• The second, under section 14B, is new, and much more far reaching. The order is made on a complaint to a Magistrates’ Court by the chief officer of police of the area in which the respondent resides. It must appear to the chief officer and he must prove to the court that the respondent has, within the last ten years, ‘at any time caused or contributed to any violence or disorder in the United Kingdom or elsewhere’.

  14. By whichever of the two routes the matter comes before the court, the court must make a banning order:

    if the court is satisfied that there are reasonable grounds to believe that making a banning order would help to prevent violence or disorder at or in connection with any regulated football matches.

    An appeal lies to the Crown Court against the imposition of a banning order.

  15. Under section 14C, violence is defined as meaning ‘violence against persons or property and includes threatening violence ....’ and disorder has a lengthy definition which includes ‘using threatening, abusive, or insulting words or behaviour or disorderly behaviour’. There is no requirement for the violence or disorder to be football related.

  16. The same section specifies a number of matters that the court can take into account when considering whether to make a banning order under 14B. These include ‘conduct recorded on video or by other means’.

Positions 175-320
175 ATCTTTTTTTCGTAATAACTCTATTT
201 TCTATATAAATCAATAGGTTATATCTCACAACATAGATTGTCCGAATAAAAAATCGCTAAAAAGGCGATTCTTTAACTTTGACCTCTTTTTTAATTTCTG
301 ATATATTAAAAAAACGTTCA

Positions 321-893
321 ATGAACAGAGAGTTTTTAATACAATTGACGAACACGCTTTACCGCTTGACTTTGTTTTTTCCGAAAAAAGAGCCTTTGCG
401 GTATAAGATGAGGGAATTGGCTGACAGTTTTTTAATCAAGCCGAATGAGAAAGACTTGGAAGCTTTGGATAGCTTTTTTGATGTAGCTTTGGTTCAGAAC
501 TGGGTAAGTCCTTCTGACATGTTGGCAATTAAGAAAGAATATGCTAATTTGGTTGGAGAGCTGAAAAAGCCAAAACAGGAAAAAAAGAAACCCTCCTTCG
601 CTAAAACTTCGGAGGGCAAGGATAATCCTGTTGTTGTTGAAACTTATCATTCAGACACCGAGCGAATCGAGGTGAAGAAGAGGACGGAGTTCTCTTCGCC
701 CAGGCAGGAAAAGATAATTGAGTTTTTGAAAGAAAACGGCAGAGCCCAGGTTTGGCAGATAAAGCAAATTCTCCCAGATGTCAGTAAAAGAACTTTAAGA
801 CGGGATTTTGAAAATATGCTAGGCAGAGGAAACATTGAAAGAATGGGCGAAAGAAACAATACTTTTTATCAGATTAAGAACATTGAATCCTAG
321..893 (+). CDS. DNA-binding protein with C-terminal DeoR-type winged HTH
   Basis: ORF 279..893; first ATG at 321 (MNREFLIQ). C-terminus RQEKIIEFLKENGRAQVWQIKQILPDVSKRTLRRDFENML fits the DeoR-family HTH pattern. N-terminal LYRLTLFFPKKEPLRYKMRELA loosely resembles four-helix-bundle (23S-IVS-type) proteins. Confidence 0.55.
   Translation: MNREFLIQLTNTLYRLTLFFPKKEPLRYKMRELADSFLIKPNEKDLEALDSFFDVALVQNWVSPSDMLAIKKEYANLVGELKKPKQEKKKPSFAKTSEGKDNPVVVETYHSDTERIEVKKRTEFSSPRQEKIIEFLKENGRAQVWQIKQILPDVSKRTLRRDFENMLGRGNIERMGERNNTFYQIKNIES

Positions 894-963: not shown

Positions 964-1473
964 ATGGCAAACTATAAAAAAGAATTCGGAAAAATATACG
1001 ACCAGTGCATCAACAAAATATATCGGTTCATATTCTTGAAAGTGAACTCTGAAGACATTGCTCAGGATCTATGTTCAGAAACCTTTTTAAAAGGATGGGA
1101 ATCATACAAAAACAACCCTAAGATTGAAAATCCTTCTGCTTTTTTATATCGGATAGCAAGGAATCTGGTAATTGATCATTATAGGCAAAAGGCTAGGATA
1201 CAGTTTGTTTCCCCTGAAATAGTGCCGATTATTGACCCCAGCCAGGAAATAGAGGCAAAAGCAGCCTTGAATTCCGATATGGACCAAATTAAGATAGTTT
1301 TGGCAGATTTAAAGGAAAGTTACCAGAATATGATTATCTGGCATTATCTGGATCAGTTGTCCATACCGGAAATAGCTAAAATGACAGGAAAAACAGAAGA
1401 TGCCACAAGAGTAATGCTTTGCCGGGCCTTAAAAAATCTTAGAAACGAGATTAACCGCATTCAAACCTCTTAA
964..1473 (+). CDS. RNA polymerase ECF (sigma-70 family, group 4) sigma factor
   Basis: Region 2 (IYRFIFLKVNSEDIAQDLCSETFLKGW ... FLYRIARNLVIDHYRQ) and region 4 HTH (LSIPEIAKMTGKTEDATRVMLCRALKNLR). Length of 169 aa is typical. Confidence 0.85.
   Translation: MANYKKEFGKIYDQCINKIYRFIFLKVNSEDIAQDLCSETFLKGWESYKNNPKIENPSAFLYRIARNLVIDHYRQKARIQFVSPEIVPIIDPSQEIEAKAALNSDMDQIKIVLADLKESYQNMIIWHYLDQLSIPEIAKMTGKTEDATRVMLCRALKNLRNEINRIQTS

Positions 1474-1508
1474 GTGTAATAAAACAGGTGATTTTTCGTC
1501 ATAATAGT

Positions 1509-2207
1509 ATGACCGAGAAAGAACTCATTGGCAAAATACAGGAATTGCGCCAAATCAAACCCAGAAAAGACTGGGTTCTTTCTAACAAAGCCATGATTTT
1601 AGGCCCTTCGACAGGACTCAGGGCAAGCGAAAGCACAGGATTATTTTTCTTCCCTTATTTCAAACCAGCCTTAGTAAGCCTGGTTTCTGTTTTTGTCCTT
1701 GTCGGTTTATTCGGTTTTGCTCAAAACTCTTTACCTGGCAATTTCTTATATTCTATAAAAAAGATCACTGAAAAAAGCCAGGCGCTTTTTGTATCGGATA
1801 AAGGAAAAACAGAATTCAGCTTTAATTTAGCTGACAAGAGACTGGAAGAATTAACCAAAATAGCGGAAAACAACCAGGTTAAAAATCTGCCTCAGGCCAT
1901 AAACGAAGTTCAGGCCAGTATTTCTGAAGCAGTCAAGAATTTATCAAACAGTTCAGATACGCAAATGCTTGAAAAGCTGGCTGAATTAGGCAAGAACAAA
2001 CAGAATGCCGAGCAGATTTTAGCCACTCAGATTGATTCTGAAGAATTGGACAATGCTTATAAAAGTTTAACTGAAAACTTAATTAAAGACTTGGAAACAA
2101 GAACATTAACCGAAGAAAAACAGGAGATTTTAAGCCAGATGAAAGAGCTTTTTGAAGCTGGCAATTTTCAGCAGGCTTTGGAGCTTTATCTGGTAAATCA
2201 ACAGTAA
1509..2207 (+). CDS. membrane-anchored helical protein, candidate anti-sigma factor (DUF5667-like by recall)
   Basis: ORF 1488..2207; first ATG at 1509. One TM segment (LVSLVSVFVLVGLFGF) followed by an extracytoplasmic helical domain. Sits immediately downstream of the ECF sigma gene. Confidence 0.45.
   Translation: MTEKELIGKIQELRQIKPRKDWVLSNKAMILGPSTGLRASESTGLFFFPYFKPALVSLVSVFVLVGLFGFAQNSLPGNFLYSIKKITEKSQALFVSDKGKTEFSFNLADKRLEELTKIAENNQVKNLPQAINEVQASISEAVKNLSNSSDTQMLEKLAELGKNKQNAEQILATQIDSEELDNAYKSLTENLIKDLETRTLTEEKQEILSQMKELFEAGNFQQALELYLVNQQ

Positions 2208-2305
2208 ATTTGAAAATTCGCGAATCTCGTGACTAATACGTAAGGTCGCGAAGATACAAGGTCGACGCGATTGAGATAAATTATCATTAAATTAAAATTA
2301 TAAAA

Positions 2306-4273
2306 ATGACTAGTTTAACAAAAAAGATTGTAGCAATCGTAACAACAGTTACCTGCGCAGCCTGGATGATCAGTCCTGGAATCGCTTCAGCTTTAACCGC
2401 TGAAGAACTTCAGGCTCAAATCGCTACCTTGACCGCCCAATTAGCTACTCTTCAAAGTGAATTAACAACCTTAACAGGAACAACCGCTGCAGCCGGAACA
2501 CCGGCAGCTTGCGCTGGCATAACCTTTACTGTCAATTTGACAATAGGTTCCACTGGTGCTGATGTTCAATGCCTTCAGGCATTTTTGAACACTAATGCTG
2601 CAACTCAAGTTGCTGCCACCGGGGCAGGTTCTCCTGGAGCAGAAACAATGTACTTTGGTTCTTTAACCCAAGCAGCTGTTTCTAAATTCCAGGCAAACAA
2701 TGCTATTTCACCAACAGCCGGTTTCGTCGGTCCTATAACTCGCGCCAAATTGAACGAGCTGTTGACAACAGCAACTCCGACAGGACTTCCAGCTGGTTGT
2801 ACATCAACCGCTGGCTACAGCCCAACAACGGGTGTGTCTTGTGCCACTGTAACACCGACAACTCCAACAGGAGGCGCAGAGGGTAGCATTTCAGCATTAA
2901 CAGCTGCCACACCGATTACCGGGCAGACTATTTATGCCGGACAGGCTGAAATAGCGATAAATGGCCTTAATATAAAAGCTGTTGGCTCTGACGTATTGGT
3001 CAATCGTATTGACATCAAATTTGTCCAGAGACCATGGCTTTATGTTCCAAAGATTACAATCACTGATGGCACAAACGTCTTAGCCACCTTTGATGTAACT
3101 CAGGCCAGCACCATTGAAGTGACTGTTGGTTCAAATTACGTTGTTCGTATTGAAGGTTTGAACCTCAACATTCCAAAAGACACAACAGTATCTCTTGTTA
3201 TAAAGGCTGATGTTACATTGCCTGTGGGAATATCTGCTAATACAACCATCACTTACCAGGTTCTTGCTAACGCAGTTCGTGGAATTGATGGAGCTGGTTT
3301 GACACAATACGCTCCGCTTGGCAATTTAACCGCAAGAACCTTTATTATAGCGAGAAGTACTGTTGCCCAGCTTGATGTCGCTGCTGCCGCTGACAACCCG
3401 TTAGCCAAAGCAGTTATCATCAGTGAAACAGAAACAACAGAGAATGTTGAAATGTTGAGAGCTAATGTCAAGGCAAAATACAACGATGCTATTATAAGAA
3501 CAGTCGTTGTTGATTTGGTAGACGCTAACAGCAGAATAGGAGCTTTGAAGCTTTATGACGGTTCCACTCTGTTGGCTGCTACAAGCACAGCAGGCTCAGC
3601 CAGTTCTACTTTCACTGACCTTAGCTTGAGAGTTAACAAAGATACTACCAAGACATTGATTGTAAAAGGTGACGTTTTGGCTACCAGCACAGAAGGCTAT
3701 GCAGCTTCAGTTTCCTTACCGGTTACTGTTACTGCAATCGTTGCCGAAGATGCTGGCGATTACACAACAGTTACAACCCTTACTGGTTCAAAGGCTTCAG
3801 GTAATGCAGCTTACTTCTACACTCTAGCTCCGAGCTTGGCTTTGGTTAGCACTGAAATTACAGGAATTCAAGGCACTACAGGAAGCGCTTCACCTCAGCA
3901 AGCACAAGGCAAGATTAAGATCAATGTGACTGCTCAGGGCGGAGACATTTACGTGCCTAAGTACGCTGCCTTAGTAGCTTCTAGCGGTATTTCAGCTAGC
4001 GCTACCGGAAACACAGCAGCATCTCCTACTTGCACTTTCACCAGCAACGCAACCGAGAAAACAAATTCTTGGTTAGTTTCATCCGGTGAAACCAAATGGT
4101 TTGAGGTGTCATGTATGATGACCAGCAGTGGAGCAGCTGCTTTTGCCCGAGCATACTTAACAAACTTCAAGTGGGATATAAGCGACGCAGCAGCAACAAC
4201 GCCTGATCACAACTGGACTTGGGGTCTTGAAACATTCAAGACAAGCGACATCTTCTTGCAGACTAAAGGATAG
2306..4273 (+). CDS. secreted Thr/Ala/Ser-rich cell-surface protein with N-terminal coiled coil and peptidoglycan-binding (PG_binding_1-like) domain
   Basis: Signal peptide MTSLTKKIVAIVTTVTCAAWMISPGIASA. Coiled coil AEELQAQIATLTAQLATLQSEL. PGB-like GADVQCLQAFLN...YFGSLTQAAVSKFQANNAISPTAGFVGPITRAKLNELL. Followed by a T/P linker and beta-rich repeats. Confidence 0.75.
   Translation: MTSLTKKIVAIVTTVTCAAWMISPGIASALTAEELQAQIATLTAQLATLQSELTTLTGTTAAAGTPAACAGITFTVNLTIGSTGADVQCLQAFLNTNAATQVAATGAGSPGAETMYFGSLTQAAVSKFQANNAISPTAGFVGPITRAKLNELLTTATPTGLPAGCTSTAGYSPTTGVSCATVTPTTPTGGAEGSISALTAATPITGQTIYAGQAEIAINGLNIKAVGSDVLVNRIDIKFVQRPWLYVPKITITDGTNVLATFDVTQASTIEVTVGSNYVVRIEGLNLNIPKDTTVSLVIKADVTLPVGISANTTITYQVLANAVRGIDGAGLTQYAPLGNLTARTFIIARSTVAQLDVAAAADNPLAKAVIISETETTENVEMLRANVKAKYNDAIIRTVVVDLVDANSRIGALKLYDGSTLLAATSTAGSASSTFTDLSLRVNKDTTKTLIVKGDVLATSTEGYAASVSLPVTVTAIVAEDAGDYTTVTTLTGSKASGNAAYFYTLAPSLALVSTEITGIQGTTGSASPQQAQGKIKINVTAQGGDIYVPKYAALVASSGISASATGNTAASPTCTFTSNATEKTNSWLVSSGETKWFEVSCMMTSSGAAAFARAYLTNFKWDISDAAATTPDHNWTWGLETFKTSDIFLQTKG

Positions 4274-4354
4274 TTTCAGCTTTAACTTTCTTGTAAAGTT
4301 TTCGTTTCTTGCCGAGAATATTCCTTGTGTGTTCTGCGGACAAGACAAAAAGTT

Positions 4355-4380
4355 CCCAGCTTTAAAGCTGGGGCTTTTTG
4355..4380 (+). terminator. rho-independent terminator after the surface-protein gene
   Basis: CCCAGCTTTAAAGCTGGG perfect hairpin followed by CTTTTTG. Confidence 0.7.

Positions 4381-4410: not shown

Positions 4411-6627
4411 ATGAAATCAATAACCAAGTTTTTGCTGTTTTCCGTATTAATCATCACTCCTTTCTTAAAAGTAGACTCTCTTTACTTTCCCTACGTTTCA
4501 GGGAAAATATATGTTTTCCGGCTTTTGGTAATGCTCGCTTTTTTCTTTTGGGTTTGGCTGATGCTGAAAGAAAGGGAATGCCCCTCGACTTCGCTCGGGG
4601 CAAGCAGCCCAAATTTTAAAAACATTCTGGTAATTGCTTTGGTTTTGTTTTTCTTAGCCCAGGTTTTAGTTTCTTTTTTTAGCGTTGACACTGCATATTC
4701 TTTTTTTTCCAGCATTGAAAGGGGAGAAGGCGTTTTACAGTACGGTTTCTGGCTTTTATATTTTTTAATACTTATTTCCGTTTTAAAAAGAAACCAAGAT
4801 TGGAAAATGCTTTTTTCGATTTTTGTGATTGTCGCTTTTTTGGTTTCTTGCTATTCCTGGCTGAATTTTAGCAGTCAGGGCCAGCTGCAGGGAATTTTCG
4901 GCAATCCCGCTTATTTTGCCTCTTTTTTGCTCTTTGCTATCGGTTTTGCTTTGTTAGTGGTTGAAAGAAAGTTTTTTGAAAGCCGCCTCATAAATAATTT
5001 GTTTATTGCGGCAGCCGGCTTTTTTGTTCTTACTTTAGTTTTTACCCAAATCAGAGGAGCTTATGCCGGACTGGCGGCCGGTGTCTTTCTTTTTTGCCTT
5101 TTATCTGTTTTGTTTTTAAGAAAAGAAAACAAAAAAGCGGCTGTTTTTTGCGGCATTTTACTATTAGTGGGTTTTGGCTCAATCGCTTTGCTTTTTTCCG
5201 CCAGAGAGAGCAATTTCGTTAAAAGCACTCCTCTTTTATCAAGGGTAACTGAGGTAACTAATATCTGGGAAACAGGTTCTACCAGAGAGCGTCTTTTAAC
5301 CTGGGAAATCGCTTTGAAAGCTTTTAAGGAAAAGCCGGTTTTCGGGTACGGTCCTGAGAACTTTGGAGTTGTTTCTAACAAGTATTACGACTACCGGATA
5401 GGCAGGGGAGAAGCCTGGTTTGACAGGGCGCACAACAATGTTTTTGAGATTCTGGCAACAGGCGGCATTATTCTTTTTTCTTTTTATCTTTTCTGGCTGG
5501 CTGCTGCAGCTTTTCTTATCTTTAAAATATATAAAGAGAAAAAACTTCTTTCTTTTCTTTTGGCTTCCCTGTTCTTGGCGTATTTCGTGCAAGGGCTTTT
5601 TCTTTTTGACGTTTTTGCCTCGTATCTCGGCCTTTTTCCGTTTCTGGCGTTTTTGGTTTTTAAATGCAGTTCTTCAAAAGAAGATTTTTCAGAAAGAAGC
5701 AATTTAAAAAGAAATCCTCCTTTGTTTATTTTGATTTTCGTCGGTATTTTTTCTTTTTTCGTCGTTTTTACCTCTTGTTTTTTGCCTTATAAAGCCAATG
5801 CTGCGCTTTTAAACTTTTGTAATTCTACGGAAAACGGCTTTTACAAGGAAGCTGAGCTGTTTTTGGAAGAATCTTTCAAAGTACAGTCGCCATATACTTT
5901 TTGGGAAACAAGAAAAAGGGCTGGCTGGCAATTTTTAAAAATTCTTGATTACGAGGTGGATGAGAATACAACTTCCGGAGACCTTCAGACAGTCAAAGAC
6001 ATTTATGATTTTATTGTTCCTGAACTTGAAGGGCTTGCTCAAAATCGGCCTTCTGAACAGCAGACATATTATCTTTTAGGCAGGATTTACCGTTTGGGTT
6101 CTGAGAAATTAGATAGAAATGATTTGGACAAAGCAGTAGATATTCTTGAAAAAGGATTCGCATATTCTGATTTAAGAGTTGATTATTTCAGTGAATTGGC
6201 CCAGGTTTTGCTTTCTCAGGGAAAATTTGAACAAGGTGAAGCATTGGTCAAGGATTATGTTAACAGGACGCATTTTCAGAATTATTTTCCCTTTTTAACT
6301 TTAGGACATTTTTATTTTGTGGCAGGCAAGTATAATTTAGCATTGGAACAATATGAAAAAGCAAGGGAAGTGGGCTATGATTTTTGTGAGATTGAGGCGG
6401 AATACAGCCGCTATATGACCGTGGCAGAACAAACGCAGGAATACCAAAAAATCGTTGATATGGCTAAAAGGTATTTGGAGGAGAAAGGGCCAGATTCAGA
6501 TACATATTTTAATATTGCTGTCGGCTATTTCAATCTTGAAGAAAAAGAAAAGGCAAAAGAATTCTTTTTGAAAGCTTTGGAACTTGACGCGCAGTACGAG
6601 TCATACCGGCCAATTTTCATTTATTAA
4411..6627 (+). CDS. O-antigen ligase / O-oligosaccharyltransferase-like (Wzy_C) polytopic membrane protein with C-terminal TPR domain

17. Regulated football matches taking place outside England and Wales are prescribed by order of the Secretary of State having regard to the risk that they will be an occasion for violence and disorder on the part of English supporters. Under the current order these are matches involving the English or Welsh national teams or clubs which are members of the Football League or the Football Association Premier League.

  18. A person subject to a banning order is not automatically affected by that order in respect of every prescribed overseas game. The Act provides for an ‘enforcing authority’ – a police authority prescribed by the Secretary of State – whose duties include tailoring the requirements of a banning order to fit the particulars of the individual subject to the order. This is the Football Banning Orders Authority (‘FBOA’). Its functions include issuing individual notices to those made subject to banning orders. These set out the appropriate conditions and reporting restrictions which apply to each individual having regard to the degree of risk associated with the individual person for the individual match.

  19. Section 19(2A) provides that the FBOA must issue a notice if it ‘is of the opinion that requiring any person subject to a banning order to report is necessary or expedient in order to reduce the likelihood of violence or disorder at or in connection with the match’. Section 19(2B) provides that the notice must require the person to report at a police station and surrender his passport. The surrender will normally be for a control period which runs from 5 days before the match to the time that the match finishes.